Demand for oil seen down 0.6%, jet fuel down 11%, road fuel flat, and air traffic down 16% in 2020, according to Rystad Energy’s COVID-19 Report

Source: press release, 12 March 2020

illustration: Rystad Energy
illustration: Rystad Energy

Rystad Energy has compiled a comprehensive report calculating the effect of the novel coronavirus in our lives and updating estimates for global fuel markets.

As a result of recent developments, with travel restrictions and quarantine obligations being announced daily around the world, Rystad Energy have made substantial updates to most of its estimates.

Global oil demand:
In a ground-breaking revision of its previous estimates, Rystad Energy’s forecast for global oil demand now projects a decrease of 0.6%, or 600,000 barrels of oil per day (bpd), year-on-year. The estimates show that total oil demand in 2019 was approximately 99.8 million bpd, which is now projected to decline to 99.2 million bpd in 2020.

This is a severe downgrade compared to previous estimates and takes into account the quarantine lockdown in Italy, massive cancellations of flights by airlines, the travel ban between Europe and the US that was announced yesterday, and the Rystad Energy simulations of the virus’ growth patterns this year.

Road fuel demand:
Rystad Energy believes that global demand for road fuels will stay largely flat, in contrast to previous projections of growth. Road fuel demand in 2019 is estimated to have reached 49.7 million bpd. Prior to the coronavirus Rystad Energy expected this demand segment to grow to 50.3 million bpd in 2020, but it is now seen reaching only about 49.8 million bpd.

Almost all of this reduction will occur due to reduced road traffic in the first half of 2020. In China alone, demand for gasoline and diesel road fuel was down by about 1.5 million bpd in February. Traffic in the country is now gradually returning to more normal levels.

In Europe, Rystad Energy expects a rising number of cities to implement quarantines and travel restrictions, in addition to those already in place in Italy. From this, the assumed peak impact will be half of what was seen in China in terms of volume of reduced demand. However, it remains to be seen whether quarantines in Europe will last longer than those implemented in China.

In the US, Rystad Energy assumes an impact equal to half of what will be seen in Europe, with a one-month lag. In the rest of Asia, including Japan, South Korea, India, and South East Asia, Rystad Energy assumes the impact will be 20% of the impact seen in China, with a one-month lag. The same level of impact is assumed for the rest of the world, but with a two-month lag.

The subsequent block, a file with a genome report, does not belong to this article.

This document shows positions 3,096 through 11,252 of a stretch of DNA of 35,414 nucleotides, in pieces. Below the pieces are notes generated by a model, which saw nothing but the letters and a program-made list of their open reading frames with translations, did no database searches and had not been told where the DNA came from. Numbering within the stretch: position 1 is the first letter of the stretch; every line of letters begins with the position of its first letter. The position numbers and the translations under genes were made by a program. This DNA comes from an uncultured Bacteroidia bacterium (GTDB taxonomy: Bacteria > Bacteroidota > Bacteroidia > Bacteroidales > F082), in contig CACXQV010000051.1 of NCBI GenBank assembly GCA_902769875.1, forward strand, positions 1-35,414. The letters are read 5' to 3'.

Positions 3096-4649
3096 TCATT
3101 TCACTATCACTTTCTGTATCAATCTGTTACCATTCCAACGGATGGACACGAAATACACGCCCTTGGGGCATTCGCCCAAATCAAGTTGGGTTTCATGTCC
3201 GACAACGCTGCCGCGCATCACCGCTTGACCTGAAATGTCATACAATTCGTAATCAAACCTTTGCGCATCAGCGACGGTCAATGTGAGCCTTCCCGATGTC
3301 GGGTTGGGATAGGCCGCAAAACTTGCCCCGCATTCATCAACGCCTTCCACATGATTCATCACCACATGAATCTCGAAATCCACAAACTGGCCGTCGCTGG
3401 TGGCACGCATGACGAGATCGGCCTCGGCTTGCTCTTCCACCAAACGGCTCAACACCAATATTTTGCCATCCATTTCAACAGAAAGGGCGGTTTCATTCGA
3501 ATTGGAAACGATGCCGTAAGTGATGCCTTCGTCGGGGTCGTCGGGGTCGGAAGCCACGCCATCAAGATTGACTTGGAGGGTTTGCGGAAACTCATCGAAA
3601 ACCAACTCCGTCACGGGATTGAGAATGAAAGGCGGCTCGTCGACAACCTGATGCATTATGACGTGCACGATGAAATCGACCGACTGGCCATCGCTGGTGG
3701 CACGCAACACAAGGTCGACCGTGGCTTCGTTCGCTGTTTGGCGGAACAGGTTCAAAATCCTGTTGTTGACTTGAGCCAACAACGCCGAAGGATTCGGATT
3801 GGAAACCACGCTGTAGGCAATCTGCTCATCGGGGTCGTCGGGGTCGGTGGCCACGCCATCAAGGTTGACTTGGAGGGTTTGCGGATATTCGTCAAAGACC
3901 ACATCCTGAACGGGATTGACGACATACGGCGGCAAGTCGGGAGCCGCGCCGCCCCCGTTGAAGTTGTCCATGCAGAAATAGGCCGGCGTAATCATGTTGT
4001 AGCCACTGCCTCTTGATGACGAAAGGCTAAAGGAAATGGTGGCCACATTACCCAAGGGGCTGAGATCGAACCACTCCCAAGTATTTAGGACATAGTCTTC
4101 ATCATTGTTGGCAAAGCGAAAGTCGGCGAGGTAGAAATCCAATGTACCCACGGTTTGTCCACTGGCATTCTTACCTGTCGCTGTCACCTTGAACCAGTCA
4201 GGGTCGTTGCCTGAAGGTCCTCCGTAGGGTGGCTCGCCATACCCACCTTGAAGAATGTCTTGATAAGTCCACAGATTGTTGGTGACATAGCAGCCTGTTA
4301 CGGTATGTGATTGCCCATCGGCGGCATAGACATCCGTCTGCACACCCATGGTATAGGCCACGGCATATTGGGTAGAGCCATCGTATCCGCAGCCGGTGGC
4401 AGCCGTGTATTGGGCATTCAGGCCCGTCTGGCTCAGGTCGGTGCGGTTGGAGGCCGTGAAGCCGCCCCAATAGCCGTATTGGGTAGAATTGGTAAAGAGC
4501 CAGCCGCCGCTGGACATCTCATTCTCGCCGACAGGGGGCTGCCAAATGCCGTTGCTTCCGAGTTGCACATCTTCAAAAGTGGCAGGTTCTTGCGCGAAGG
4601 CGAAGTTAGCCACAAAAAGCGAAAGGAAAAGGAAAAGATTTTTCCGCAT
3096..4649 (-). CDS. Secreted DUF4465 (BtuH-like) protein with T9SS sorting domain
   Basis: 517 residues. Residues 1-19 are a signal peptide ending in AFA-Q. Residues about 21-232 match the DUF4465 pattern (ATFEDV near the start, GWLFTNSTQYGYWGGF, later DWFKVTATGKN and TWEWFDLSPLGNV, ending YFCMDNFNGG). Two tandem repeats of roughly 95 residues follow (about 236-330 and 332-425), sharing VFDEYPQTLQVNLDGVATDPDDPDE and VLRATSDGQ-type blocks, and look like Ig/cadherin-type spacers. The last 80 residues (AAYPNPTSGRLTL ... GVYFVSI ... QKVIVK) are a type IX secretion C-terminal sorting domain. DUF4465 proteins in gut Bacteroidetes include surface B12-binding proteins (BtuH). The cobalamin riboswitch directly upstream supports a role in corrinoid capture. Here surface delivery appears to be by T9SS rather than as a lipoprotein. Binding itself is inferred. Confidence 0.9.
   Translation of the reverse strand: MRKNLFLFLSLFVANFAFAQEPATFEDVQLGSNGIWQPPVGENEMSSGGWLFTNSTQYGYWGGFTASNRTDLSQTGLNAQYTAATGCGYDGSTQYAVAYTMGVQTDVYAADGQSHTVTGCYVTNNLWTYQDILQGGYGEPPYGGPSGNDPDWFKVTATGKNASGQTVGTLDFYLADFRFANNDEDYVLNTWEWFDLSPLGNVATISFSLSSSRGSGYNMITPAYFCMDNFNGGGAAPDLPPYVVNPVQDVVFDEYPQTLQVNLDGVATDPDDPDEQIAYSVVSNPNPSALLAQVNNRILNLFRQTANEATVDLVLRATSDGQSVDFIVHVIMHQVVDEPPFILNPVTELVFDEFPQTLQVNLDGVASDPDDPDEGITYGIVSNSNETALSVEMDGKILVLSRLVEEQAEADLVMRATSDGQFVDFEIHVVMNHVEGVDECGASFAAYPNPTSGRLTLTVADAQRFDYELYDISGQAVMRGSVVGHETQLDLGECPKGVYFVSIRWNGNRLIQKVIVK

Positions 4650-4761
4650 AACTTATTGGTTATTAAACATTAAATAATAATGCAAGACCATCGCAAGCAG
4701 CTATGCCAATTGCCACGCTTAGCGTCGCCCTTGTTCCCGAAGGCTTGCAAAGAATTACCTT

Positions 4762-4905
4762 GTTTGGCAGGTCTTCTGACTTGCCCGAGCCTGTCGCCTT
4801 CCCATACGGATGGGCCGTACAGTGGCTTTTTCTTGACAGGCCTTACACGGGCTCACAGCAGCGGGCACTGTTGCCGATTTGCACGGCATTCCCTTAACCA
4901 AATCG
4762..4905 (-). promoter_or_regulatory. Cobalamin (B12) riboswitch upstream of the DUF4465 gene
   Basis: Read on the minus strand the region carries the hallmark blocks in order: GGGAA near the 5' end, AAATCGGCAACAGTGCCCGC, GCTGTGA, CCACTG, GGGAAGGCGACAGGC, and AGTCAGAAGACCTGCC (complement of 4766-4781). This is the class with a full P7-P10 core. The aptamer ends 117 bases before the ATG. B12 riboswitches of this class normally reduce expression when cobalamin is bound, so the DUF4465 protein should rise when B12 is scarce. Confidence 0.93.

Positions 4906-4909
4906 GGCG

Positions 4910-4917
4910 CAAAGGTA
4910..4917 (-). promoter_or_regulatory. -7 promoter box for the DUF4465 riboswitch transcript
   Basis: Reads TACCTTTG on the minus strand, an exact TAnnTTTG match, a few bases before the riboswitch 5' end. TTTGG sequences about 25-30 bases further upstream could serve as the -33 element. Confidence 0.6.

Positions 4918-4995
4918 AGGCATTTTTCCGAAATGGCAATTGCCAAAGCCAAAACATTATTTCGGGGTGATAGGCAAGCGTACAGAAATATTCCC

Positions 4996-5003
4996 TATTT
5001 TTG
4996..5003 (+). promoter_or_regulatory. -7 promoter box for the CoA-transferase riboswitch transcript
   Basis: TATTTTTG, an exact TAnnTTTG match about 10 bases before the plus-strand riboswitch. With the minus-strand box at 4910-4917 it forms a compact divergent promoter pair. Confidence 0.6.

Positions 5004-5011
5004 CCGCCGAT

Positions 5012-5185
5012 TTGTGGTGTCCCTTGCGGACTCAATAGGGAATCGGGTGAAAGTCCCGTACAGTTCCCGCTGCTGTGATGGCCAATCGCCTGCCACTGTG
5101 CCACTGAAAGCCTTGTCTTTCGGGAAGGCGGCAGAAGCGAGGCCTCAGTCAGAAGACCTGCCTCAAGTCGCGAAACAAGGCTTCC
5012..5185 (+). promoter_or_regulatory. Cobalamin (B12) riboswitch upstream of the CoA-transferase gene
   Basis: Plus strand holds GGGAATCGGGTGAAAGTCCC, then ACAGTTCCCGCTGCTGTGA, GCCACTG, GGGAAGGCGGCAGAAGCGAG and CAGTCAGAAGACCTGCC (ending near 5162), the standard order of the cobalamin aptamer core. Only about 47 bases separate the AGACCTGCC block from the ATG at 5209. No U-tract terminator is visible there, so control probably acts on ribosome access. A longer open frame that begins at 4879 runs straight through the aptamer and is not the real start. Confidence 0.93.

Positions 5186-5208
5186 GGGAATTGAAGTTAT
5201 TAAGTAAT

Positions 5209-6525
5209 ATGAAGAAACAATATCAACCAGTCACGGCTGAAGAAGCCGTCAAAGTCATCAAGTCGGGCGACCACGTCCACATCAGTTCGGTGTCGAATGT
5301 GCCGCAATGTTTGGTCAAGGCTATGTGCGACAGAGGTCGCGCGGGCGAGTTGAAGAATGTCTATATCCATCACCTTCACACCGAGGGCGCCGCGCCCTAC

Jet fuel demand:
Among the various fuel sectors, Rystad Energy expects jet fuel to be hit the hardest. Rystad Energy expects global air traffic will fall by approximately 16% this year versus the levels seen in 2019, which it estimates stood at around 190,000 flights per day (including commercial, cargo and private flights as well as helicopters). To put the reduction into context, Rystad Energy’s pre-coronavirus estimate was for an average of 200,000 flights per day this year.

US President Donald Trump’s announced ban on air travel between Europe and the US will further impact an aviation industry that has already been suffering as the virus has spread. Many distressed airlines will now face heavy cost cuts, and many non-profitable routes are likely to be closed.

As a base case, Rystad Energy assumes that the common summer air travel peak will occur later in the season. Its estimates are that the global daily flight count in the first quarter of 2020 will be 8,000 flights lower than pre-coronavirus forecasts. For the second quarter, the reduction is projected to be 50,000 daily flights, dropping to 31,000 in the third quarter and 13,000 in the fourth quarter.

As a base case, Rystad Energy now sees jet fuel demand falling by 11% year-on-year, equating to 780,000 bpd. Last year’s demand for jet fuel was seen at about 7.2 million bpd.

Other report findings:
The COVID-19 Report, aside from energy related projections, also includes some of Rystad Energy’s forecasts on how the virus will spread globally and offers scenarios of how it will evolve in the countries that are most affected.

The energy-related projections of the report, which was made available to clients on 11 March and will be updated on a weekly basis, did not include the effect of the US-imposed ban on air travel from Europe. However, the forecasts provided in the 12 March press release have been updated and do include the effects of this development.

Rystad Energy numbers will be adjusted for every new dramatic step taken by governments to slow the spread of COVID-19.

The report is now publicly accessible at